|Teenagers and adults (from 15 years)||20 µg/day|
In which foods can I find vitamin D?
Vitamin D is not available in high levels in many foods. However, since it is one of the fat-soluble vitamins, it is mostly found in high-fat foods of animal origin. These include in particular fatty sea fish such as salmon, herring or mackerel.
As already mentioned - in addition to being produced by the body, small amounts of vitamin D, around 10 to 20 percent of the estimated value, can be ingested through food.
The following list shows which foods are particularly rich in vitamin D:
|Groceries||vitamin D content|
|Herring, 100 g||25 µg|
|Salmon, 100g||16 µg|
|Avocado, 100g||6 µg|
|mushrooms, 100 g||1.9 µg|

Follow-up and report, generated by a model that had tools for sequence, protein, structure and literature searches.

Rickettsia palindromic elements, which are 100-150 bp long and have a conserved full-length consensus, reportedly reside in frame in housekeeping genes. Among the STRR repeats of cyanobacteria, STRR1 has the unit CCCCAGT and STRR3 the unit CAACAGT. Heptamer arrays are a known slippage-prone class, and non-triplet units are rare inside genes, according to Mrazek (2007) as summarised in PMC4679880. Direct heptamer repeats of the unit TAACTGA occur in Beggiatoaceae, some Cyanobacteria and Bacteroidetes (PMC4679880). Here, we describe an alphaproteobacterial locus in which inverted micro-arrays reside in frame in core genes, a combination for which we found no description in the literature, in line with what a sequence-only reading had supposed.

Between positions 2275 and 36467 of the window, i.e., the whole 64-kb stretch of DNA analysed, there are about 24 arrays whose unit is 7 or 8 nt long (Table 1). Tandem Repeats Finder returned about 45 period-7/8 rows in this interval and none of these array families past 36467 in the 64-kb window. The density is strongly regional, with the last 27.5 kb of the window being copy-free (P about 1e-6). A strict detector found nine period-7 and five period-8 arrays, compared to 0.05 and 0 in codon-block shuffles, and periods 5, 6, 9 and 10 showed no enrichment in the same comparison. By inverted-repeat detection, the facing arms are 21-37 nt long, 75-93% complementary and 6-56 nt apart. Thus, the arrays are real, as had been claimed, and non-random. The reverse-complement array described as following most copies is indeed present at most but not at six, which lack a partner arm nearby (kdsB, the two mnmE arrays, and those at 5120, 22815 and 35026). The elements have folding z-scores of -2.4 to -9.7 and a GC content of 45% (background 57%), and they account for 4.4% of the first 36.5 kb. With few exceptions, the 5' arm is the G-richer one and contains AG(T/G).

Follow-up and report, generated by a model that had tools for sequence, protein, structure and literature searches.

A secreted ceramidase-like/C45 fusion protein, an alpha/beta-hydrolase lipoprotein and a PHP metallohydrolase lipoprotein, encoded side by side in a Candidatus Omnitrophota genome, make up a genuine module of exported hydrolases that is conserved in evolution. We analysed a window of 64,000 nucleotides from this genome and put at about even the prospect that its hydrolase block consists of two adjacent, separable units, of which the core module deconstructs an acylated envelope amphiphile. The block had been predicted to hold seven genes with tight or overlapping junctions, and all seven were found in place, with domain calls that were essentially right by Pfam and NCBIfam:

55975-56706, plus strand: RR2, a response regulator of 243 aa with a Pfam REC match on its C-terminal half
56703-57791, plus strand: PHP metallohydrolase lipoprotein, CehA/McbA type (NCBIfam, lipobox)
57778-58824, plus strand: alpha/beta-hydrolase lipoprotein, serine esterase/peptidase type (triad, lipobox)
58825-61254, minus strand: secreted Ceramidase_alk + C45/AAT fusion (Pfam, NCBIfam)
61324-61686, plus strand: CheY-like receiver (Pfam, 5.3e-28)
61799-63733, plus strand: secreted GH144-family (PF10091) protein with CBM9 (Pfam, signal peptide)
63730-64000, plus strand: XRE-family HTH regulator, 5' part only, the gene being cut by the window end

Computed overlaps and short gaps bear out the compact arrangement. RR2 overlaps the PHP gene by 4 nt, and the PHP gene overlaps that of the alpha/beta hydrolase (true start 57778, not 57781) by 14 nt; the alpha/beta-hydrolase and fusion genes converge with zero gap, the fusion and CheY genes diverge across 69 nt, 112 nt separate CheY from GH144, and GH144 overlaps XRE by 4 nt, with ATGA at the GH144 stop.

|Emmental, 60 g||0.33 µg|
|whole milk, 200 ml||0.18µg|
|butter, 10 g||0.13 µg|
|Beef liver, 100 g||1.9µg|
Does a vegetarian or vegan diet cause a vitamin D deficiency?
Vitamin D is already found in high levels in limited foods. Accordingly, vitamin D intake through food is particularly difficult in a vegetarian or vegan diet.
Two English studies from 2013 and 2003 showed that vegetarians and vegans have lower intakes of vitamin D compared to the general population.(4,5)
In particular, however, people with a vegan diet show a year-round, comparatively high vitamin D deficiency. In addition, in two studies from 2011 and 2009, these people had a lower bone mineral density compared to vegetarian and mixed diet test people.(6,7)
Accordingly, it is recommended, especially for vegans, but also vegetarians, to spend more time in the sun in order to cover their vitamin D needs as best as possible.